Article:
The client initially wanted to maintain the interior at 24°C, the same temperature as the mall’s retail spaces, but this would have required a significant amount of cooling. Instead, Cundall successfully argued that temperature control within the space could be relaxed, as the rollercoaster equipment is either direct liquid cooled or housed within contained equipment rooms. Examples of external rollercoasters in the United Arab Emirates that operate through peak summer conditions with only the loading/unloading areas enclosed were also highlighted. 

Stratton says: ‘Relaxing the temperature allowed us to be more creative with temperature gradients and humidity levels within the ride volume, so we could focus more on building needs to avoid condensation and large temperature variations and less on people needs’.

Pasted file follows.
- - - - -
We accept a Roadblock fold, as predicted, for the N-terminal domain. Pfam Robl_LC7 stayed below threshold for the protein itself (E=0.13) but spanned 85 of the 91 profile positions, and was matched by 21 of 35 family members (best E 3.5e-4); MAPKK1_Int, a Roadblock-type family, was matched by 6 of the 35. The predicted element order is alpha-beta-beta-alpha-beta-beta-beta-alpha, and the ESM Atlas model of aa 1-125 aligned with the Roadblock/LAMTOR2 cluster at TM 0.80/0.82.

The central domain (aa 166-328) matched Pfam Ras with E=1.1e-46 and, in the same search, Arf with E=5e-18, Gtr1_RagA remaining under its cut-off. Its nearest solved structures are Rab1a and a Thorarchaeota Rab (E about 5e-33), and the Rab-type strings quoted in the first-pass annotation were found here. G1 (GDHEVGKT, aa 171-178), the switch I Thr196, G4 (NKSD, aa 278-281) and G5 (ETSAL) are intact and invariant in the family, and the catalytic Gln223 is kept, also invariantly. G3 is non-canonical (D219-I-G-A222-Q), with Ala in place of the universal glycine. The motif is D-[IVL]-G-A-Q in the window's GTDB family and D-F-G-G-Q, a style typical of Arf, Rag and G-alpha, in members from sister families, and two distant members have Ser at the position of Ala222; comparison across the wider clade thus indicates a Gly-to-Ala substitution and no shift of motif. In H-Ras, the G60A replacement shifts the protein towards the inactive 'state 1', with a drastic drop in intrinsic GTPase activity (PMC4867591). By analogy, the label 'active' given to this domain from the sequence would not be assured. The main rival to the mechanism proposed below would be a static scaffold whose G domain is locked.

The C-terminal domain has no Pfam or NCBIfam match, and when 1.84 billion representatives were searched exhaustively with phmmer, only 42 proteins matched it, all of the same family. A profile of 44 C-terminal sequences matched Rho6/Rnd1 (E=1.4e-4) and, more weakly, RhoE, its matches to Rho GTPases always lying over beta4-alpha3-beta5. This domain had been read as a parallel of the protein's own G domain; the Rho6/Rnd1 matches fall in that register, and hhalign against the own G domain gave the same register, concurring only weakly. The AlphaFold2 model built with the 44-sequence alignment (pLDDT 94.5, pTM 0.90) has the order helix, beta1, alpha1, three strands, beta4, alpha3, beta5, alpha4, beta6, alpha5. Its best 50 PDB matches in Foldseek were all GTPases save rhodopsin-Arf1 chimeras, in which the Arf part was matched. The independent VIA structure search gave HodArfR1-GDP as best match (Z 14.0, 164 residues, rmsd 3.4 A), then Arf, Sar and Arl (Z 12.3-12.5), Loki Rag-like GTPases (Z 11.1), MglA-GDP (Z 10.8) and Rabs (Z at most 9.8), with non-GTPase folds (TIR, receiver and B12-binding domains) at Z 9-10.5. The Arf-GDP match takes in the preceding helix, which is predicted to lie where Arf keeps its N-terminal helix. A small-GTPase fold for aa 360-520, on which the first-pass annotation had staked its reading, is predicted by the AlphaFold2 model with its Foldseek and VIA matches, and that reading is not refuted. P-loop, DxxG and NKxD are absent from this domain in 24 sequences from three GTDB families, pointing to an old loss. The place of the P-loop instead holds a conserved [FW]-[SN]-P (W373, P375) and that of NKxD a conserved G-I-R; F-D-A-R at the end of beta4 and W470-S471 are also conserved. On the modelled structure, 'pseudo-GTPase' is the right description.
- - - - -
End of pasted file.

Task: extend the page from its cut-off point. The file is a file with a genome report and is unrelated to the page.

Cundall MEP’s solution was to concentrate on what Stratton refers to as ‘a temperature gradient arrangement’. This sets out to maintain temperatures of 24°C in the basement, where the maintenance team is based, and at ground-floor level, where the ride is boarded. Above the occupied zone, the temperature is allowed to increase gradually, to a peak of 30°C beneath the roof.

The temperature gradient approach leant itself to a displacement ventilation solution. This would have worked ‘in principle’, says Stratton, but there was insufficient space at the base of the building because of the track, station and other ride demands.

Instead, Cundall made use of the building’s central core to house a stack of air handling units (AHUs). This non-structural element was needed by the maintenance team to access the upper levels of track, and includes a staircase and lift. The core’s six floors now house a series of double-stacked AHUs, mounted one above the other.